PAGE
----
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What I Learned From A Hot Dog Eating Contest

On Saturday I watched the Nathan’s Famous Hot Dog Eating Contest.  Joey Chestnut was going for his ninth straight victory in this event.  He had dominated for years, but this year brought a new champion, Matt Stonie.  Stonie managed to eat 62 hot dogs in ten minutes.

As impressive as this feat was, it hasn’t been many years that these competitive eaters have reached these numbers.  It began with the pioneer of the sport, Kobayashi.

Before Kobayashi came on the scene, the record for hot dog eating was 25 1/8 hot dogs.  Kobayashi studied ways to improve his performance.  He experimented with new ways to eat competitively.  When he took on the other eaters, he destroyed the record by eating 50 hot dogs.  He dominated for some time, before finally being beaten by Chestnut.

The thing is that everyone thought that 25 hot dogs was incredible until Kobayashi came along.  He stretched the competition to new limits that others have been able to follow.

This is not totally different from what Roger Bannister did with the mile run.  No one had been able to crack the 4:00 barrier.  Once Bannister did so, others were able to do it as well.  The barrier was broken.

What can we learn from Kobayashi and Bannister?  It’s that most limits are artificial.  We determine what our limits and barriers are and find it difficult to overcome them.  Once they are broken, we suddenly see that what we are trying to achieve is possible.

We might see this in our career.  We might not think it possible to take it to another level, but we see someone who has pioneered the path before us and then we are able.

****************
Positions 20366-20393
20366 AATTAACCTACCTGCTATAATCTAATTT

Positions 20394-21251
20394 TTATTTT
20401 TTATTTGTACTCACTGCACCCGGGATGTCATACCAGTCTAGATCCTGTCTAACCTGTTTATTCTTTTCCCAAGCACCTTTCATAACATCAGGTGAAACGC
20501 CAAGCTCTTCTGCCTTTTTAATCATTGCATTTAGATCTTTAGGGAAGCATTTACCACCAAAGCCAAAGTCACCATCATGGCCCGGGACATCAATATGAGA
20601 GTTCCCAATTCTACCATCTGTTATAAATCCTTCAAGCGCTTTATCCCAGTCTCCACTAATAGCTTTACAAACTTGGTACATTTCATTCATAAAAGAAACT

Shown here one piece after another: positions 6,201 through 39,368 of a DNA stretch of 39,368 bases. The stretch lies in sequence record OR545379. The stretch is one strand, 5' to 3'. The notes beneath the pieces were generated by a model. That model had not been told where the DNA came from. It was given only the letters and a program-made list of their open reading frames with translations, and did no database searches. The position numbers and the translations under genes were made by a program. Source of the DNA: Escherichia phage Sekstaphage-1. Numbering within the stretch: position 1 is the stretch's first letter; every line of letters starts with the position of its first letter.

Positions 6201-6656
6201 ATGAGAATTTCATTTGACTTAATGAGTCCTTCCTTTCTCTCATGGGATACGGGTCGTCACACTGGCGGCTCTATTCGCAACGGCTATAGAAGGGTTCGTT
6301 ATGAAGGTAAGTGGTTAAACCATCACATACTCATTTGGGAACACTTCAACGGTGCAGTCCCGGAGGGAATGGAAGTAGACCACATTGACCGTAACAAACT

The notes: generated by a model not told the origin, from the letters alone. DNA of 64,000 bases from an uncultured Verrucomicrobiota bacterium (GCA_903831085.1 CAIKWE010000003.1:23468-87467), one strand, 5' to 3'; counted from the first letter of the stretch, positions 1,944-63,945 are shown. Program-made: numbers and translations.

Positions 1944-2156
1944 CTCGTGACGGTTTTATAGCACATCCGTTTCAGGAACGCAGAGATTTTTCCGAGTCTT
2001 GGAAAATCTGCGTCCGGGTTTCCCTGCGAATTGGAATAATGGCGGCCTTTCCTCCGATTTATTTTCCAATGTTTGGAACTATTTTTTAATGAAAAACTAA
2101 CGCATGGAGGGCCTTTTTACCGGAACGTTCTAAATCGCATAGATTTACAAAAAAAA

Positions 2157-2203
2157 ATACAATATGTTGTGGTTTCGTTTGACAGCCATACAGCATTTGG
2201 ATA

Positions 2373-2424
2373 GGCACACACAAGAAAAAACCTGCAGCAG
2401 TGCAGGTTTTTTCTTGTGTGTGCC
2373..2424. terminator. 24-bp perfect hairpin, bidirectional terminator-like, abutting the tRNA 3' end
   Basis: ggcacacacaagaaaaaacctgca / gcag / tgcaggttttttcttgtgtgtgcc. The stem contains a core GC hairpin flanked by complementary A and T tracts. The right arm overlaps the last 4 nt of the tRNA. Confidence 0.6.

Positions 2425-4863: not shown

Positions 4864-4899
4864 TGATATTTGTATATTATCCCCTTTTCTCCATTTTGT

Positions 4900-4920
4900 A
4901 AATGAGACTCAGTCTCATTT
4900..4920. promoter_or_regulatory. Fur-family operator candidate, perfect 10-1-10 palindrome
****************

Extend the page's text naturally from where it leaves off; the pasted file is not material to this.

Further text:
Maybe it’s in relationships.  Perhaps all you have ever seen are broken relationships and divorce.  You don’t think it is possible to have a sustained marriage until you meet a couple that has successfully managed to be happily married.

Maybe you don’t think it’s possible to run a marathon until you realize that Dean Karnazes ran 50 of them in 50 days in 50 states.  Running one suddenly doesn’t seem impossible.

It doesn’t matter what it is.  You have placed barriers and limits on something in your life.  Something that is possible to overcome, but you simply don’t believe it for yourself.  Someone has paved the way before you.  If you can just get a picture of it in your mind, you can do it as well.

Fight to overcome those limitations that you have placed on yourself.  Find ways to overcome your barriers.  Set a big, hairy audacious goal and proceed with blasting through your obstacles.  You will be amazed at what you can do.

Have you ever faced limitations or barriers that you found a way to overcome in your life?

  1. July 6, 2015 at 7:15 am

    Very good point Larry. We are often limited by limits-those set by others and those set by ourselves. We are often told we can only go so far. I was once told I needed to leave the ministry, I was not ministry material. One of those men (a pastor) had multiple affairs. Another had an affair and divorced. I may have not been the best example of what a pastor should be or do, but God was not done with me yet.

  2. robshep
    July 6, 2015 at 9:39 am

    Yes. I was told I shouldn’t plant a church because it would fail.

  3. jonstolpe
    July 6, 2015 at 1:08 pm

    It amazes me how often we are on a similar wave length in our daily postings. My post this morning was about pressing the boundaries of our comfort zones by trying new things. This weekend I tried paddle boarding which was something I didn’t think was possible for someone like me – with a high center of gravity and low sense of balance.

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